18 December 2016
The future of the left is local
The Democrats’ loss on the eighth of November this year can, and still should, be made into a teachable moment for the American left and left-of-centre. The Democrats thought that they could win an election, under our current electoral rules, on the strength of a coalition of professionals, plutocrats and the traditionally-‘underrepresented’ minorities (blacks and Hispanics). But they lost, in a major way, among their traditional bases in rural areas and among white working-class voters; and this cannot be attributed solely to factors like racism (even though, yes, racism still is a real thing and we need to take real steps to counter it). Nor, it must be noted repeatedly and insistently, did the Russians have anything to do with why the Democrats lost, except indirectly.
No – there are three big reasons that the Democrats lost big in these distressed (but not minority) areas. The first one is the economy, and this is where the Democrats’ rears got handed solidly to them, with Clinton making less than no effort to appeal to working people in ‘old economy jobs’, cosying up to the big banks, and backing the same big corporate-friendly trade policies that hurt American workers throughout the entire election. The second one is foreign policy, where most white voters (and most voters in general) wanted a drawdown from wars that never seem to end and never seem to be winnable. And they particularly took a more doveish view on Syria than Clinton did.
But the third reason that the ‘left’ lost so heavily in these areas, is because they just didn’t bother with them. ‘Flyover country’ got written off. The people who live here got called ‘deplorables’. Those of us who supported Bernie in the primaries (again, most of us coming geographically from the rural North and Rust Belt areas) were accused by Clinton proxies – wrongly – of being ‘privileged’ and ‘entitled’. In short: locality (and in particular locality based in those parts of America which have been traditionally anchored in the ‘old economy’) no longer mattered to a Democratic Party, which now seems to value its jet-setting cocktail-party set, and its control over the commanding heights, over any other considerations.
Rediscovering and reappropriating the politics of the local, the politics of community, the politics of subsidiarity and sobornost’, therefore, has to be a top priority for those of us on the left. Sanders pointed imperfectly, and incompletely, to this direction. Two thinkers who are even now pointing in a similar direction are the high-elder of political communitarianism Amitai Etzioni, and the idiosyncratic American socialist Gar Alperovitz.
Gar Alperovitz has written directly to this effect in The Nation, where various visions of a localist left turn were floated. Alperovitz’s vision is particularly interesting and attractive, in that the development of worker-ownership and local experimentation with providing official support to urban credit and producer cooperatives, can (if it succeeds!) provide an institutional impetus for rural Midwesterners in particular to rediscover for themselves a populist legacy which capitalised on similar ideas.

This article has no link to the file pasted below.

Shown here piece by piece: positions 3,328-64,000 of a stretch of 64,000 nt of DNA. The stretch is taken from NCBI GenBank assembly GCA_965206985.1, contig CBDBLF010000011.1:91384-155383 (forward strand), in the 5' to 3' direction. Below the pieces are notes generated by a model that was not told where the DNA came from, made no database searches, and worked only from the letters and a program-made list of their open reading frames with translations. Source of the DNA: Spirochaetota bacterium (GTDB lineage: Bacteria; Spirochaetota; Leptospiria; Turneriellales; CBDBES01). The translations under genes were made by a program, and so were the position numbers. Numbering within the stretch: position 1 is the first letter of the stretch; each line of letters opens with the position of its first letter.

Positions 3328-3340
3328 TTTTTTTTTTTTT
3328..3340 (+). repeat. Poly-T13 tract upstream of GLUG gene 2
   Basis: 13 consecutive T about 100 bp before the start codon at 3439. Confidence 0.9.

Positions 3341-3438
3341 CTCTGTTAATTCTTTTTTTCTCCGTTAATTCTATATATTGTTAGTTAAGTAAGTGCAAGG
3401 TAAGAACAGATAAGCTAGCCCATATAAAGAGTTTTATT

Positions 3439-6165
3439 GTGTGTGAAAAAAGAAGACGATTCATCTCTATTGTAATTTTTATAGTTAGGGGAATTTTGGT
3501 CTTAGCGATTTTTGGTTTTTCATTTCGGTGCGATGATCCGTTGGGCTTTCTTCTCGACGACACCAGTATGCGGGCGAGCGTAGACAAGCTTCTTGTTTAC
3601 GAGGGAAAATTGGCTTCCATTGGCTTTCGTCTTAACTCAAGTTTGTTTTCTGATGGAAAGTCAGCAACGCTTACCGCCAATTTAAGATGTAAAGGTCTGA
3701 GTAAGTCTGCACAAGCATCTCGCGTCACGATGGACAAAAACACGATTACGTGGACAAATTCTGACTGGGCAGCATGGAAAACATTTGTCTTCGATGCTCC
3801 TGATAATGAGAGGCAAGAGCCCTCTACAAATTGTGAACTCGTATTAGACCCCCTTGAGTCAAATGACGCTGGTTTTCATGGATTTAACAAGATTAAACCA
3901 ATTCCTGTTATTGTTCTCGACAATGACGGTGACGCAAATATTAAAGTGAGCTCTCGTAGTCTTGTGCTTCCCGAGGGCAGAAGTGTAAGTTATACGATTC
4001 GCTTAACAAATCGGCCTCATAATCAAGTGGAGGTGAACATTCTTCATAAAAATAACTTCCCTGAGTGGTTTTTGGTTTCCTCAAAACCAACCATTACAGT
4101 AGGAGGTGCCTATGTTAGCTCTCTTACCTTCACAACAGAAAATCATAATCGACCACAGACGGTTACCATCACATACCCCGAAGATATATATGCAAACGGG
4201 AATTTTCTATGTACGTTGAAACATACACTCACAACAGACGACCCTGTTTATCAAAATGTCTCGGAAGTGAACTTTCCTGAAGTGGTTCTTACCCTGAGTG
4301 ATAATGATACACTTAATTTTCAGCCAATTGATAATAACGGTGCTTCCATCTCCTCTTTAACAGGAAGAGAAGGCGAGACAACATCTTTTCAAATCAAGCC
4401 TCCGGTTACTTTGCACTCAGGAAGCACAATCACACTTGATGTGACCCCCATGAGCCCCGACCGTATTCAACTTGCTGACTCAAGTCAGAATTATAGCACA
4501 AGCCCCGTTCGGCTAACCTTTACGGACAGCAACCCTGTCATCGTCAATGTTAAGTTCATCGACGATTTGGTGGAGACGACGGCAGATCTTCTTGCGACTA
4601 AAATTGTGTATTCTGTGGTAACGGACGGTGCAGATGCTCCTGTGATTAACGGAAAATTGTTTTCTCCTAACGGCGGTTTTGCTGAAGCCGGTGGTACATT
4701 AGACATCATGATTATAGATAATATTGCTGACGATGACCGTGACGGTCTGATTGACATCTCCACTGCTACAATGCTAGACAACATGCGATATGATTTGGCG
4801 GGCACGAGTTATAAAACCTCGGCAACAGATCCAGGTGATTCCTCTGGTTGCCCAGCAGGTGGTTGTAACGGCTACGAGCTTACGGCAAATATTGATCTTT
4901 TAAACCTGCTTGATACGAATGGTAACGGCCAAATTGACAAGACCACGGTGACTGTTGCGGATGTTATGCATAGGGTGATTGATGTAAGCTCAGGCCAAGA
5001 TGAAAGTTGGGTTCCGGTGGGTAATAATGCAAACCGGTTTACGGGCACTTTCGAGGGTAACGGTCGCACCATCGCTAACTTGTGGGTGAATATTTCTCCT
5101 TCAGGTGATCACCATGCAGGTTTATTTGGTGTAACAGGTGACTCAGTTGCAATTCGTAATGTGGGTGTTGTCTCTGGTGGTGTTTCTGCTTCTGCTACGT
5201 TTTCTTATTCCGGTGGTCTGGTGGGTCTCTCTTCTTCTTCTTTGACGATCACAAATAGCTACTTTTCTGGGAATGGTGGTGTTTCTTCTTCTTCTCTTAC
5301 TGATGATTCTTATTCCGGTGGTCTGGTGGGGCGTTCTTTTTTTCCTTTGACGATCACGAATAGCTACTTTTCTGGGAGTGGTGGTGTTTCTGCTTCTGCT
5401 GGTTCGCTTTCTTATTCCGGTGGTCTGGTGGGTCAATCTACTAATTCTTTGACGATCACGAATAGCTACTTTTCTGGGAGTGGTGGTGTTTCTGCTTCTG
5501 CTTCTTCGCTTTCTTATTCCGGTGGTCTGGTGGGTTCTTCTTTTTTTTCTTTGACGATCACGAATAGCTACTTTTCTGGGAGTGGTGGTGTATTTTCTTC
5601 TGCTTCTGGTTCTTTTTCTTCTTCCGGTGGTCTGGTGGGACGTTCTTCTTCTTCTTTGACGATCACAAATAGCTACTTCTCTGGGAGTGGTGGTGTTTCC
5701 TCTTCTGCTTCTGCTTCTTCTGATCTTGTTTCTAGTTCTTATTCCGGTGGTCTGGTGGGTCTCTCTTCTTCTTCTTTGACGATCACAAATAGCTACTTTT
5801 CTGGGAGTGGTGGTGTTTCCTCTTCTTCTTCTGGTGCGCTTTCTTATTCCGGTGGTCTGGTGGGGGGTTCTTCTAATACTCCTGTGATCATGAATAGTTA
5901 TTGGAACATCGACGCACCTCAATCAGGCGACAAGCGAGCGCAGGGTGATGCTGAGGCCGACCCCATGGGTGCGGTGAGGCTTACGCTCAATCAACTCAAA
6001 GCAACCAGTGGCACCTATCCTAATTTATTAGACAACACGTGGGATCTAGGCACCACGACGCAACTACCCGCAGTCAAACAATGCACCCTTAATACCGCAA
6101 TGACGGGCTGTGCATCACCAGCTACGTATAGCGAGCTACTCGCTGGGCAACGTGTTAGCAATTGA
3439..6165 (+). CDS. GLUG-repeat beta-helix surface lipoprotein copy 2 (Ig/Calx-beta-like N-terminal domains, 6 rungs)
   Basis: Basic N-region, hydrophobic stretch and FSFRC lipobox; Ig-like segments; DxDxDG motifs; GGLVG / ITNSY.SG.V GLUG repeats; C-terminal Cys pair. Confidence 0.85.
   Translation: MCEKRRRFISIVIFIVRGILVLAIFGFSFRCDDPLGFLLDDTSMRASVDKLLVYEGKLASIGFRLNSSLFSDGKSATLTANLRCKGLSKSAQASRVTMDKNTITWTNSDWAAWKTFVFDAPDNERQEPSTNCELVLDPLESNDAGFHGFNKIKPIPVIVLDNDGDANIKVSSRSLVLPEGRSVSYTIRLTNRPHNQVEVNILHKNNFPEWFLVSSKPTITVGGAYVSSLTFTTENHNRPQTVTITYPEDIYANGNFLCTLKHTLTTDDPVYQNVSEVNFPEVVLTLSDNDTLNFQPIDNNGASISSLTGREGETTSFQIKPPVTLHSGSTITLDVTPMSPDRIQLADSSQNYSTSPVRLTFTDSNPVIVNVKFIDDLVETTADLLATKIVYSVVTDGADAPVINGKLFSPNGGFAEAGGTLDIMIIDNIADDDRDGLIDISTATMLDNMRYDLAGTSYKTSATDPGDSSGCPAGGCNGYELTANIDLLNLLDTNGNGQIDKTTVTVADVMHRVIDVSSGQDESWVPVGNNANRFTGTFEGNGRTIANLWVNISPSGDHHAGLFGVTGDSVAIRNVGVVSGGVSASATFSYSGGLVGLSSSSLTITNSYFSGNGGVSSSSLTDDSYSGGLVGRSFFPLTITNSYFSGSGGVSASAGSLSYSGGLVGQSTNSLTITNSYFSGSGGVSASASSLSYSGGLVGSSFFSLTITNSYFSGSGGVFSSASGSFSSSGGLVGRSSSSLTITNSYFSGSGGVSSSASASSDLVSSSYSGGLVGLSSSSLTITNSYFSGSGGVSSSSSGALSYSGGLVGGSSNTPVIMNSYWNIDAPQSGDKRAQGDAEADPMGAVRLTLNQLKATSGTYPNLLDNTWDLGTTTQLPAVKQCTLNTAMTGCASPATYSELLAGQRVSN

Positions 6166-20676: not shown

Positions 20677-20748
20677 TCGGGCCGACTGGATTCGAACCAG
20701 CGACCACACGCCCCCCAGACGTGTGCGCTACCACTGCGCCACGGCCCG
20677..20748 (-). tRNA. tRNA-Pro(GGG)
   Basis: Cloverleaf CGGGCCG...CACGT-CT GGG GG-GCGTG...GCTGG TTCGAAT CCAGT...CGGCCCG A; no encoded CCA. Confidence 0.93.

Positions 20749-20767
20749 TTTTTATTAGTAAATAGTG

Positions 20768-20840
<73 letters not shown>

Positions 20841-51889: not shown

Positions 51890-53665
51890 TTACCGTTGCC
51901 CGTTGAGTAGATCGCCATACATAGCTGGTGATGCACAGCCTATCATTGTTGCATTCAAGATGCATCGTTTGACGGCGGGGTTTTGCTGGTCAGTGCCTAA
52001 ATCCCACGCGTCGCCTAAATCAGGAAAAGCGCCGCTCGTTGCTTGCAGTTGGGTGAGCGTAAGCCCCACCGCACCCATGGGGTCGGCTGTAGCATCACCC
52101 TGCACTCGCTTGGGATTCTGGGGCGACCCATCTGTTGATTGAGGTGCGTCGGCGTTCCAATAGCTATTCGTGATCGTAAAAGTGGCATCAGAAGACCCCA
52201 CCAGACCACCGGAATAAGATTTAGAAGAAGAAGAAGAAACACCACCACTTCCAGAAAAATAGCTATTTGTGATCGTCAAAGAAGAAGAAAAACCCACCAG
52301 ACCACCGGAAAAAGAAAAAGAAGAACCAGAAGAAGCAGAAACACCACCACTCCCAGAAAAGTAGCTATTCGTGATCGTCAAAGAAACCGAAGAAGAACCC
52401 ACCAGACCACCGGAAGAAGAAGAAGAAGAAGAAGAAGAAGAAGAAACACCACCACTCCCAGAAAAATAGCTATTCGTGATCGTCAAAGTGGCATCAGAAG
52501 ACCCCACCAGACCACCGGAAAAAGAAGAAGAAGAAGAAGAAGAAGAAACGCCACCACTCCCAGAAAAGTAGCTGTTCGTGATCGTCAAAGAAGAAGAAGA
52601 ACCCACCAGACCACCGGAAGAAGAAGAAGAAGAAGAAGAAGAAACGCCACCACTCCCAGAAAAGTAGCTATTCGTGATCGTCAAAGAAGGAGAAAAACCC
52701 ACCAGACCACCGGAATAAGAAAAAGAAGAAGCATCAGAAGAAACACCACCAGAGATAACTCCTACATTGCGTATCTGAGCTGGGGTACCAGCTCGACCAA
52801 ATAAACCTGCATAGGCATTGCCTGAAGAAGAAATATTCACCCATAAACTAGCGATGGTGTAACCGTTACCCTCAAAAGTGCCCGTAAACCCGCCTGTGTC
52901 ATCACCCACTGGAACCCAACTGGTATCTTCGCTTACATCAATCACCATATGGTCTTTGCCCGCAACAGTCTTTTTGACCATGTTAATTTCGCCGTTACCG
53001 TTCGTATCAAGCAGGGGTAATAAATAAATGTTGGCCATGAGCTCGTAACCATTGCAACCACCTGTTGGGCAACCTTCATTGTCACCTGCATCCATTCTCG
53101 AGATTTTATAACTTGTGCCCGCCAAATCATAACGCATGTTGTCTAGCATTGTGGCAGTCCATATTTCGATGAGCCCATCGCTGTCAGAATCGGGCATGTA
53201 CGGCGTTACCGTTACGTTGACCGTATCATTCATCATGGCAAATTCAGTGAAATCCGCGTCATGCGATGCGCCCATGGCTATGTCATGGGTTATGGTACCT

Amitai Etzioni puts forward a cultural rather than an economic argument for solidarity, and even on economic issues he tends toward a kind of New Deal and postwar-settlement arrangement. But he still points in a similar direction to Alperovitz, arguing that progressives need to focus on strengthening local institutions like schools and post offices, even if they may be less efficient on a macro level than regional ones. He argues for many of the same things the new urbanists want, too – discouragement of sprawl, and better design of public spaces (parks, sports fields, walks and bike paths) to make them more liveable for people. But most of all he argues that progressives need to stop disdaining people who don’t share their globalist priorities. ‘[N]obody can bond with seven billion people,’ Etzioni writes, ‘and almost everyone feels more responsibility toward those closest to them. People have profound needs for lasting social relations, meaning, and shared moral beliefs.’
We need to focus not so much on technocratic tweaking from the commanding heights, but on strengthening local institutions at the grassroots where they already exist (including labour unions, environmental protection groups, clubs, schools, post offices, and – yes – churches, particularly those of the traditional Apostolic faith), and building them where they do not. We need to rekindle old strategies for political organising at the local level. And, yes, we need to be able to articulate economic policies that directly benefit the people who voted for Trump, and as we must on foreign policies that don’t send their sons off to die needlessly. And we may need to organise outside of the established parties to do so. But it is certain: the future of the left is local, if it is to have a future at all.